Dead Sea

Towns and Tourist Sites in Jordan – Page 2
The Dead Sea, Mount Nebo and Madaba


Photo Jordan Tourist Board

Dead Sea


Photo Jordan Tourist Board

To get to the Dead Sea it is easiest to go from Amman. There are buses from Muhajrin station that take you to the Dead Sea Resthouse at Sweymeh. Be careful not to miss the last bus back at 4pm or you will have to spend the night there and there is no budget accommodation available.

However, there is now a bus route from Madaba which passes by Mount Nebo and connects at Shunieh with a bus for Sweymeh. There are several buses a day on this route which takes a bit less than an hour. At Shunieh it is also possible to get the bus to Amman, so you can do Amman – Dead Sea – Madaba (or vice versa) in one day if you like.

There are some good facilities for swimming at the Dead Sea Spa Hotel. If you are not staying at the hotel there is a charge of 10JD per person (children free), but this also includes the use of the swimming pool (fresh water) and the bars if you should be thirsty, and of course showers to get rid of the salt from the Dead Sea.

 

Photo Jordan Tourist Board

 

This salt is very unpleasant on your skin, not to mention being bad for any clothes you might put on on top of it, so it is pretty well mandatory to be able to wash it off afterwards.

If the 10JD at the Dead Sea Spa is too expensive, I suggest you do what many locals do: keep on going down the road which eventually runs along the shore with the mountains rising immediately to your left. Along there you will find plenty of quiet spots to go down to the shore and bathe in the Dead Sea. To rinse off afterwards, keep going down the road until you come to a bridge over a stream which comes down a narrow gorge and enters the Dead Sea. The stream is very warm and fresh and well worth walking upriver a bit – climbing up the waterfalls can be good fun! This place is very popular – try to avoid Fridays!

There is some question about just how clean this water is, however.

 

Note that swimming in the Dead Sea means that any abrasions or pimples will sting like fury and when you get water in your eyes they also sting a lot. Certainly floating is fun, but getting upright again isn’t, you splash around quite a lot, and unless you are being very cautious you get water in your eyes all over again – DO NOT RUB THEM! The sea bottom is covered with slimy mud! Once is OK but next time I shall sit and watch other people going through all this. The Red Sea is better.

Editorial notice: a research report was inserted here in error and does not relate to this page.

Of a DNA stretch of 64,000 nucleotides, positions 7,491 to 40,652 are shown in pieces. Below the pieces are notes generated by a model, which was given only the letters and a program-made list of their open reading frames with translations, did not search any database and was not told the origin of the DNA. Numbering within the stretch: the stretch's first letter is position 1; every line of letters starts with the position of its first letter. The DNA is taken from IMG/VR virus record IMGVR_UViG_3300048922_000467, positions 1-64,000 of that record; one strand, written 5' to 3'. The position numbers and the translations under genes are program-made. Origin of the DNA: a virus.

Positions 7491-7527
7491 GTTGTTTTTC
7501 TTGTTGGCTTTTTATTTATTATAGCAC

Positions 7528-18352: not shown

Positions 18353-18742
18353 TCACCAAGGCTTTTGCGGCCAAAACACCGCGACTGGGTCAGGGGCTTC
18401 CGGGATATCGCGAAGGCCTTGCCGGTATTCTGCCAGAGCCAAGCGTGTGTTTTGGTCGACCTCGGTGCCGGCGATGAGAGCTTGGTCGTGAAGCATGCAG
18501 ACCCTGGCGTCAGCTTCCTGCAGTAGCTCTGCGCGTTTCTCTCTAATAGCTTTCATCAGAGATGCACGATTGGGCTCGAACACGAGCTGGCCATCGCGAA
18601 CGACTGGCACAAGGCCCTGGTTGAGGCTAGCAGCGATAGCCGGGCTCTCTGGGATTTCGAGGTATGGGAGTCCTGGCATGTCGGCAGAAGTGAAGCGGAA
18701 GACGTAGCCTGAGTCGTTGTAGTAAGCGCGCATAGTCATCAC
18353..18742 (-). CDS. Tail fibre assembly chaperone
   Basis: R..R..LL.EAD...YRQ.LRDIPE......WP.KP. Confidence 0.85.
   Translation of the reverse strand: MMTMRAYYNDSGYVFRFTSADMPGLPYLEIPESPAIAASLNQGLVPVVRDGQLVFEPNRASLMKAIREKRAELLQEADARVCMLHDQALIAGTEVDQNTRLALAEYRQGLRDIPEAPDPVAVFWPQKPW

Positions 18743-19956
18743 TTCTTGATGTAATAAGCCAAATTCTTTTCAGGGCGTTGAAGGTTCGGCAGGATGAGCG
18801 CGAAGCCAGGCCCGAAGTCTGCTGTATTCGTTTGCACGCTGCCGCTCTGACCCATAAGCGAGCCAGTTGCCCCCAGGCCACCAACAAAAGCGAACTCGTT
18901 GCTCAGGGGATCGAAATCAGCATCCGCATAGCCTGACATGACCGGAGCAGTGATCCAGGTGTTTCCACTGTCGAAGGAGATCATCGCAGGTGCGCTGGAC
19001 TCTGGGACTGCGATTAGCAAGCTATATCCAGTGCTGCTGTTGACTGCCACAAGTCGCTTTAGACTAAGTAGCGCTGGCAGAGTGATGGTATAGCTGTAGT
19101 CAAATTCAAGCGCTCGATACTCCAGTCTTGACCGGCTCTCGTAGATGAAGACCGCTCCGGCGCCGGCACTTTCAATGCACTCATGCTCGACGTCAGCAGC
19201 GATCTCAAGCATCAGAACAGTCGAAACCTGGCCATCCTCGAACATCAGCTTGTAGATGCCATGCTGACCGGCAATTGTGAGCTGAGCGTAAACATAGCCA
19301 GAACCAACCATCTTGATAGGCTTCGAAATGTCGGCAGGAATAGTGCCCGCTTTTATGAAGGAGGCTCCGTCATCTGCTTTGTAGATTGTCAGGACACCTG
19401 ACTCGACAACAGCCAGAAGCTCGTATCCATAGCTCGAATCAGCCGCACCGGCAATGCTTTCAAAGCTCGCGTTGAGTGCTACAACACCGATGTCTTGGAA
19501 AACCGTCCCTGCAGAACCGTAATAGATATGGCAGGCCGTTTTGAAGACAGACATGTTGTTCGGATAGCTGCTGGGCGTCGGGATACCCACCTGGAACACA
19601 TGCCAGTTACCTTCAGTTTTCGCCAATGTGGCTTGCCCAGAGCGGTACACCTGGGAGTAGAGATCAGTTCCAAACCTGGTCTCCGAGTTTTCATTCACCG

There is no budget sleeping accommodation anywhere near the Dead Sea, you would have to go to Madaba or to Amman (see note above about buses).

Mount Nebo
(you can see more photos of Mount Nebo on the Photo Gallery page)

Photo Leon and Mirjam

I love this particular place, a few miles out from Madaba on the new road to the Dead Sea. It has a most beautiful view, even in a country where beautiful views are frequent, looking out over the Jordan Valley. On a good day, one can see as far as Jerusalem, some 45kms away. Early in the morning is the best time for this. The very first time that I came to Jordan, I slipped away from the group I was with (not for the first or the last time, incidentally), and looked down, almost vertically, to where far below, a young boy was leading a flock of goats, and playing on what I now know to be called the “shababa”. At the time, it was just a shepherd’s pipe, sounding plaintively in the silence.

Unfortunately, the new road linking Madaba to the Dead Sea passes Mount Nebo, and the sight of the road and the sounds of the traffic straining to climb the hill do nothing nowadays to recall the Biblical landscape that I remember.

The church, administered by the Franciscan order, was much restored and repaired for the Pope’s visit in 2000. There is now an impressive paved path from the main road. But the peaceful atmosphere of the church is still there. The site of the church and the viewpoint is open from 9am until 4pm.

You will find a good restaurant nearby (the “Syagha Restaurant”), several souvenir shops with gorgeous hand blown glass “bubbles” which make lovely Christmas tree decorations, and a bit closer to Madaba, a huge handcrafts centre. Locals disapprove of it, since it is run by “outsiders” but the rugs are beautiful as are the moaaics and other things there. Not everything is expensive.

Madaba
(You can see some more photos of the mosaics of Madaba on the Photo Gallery page)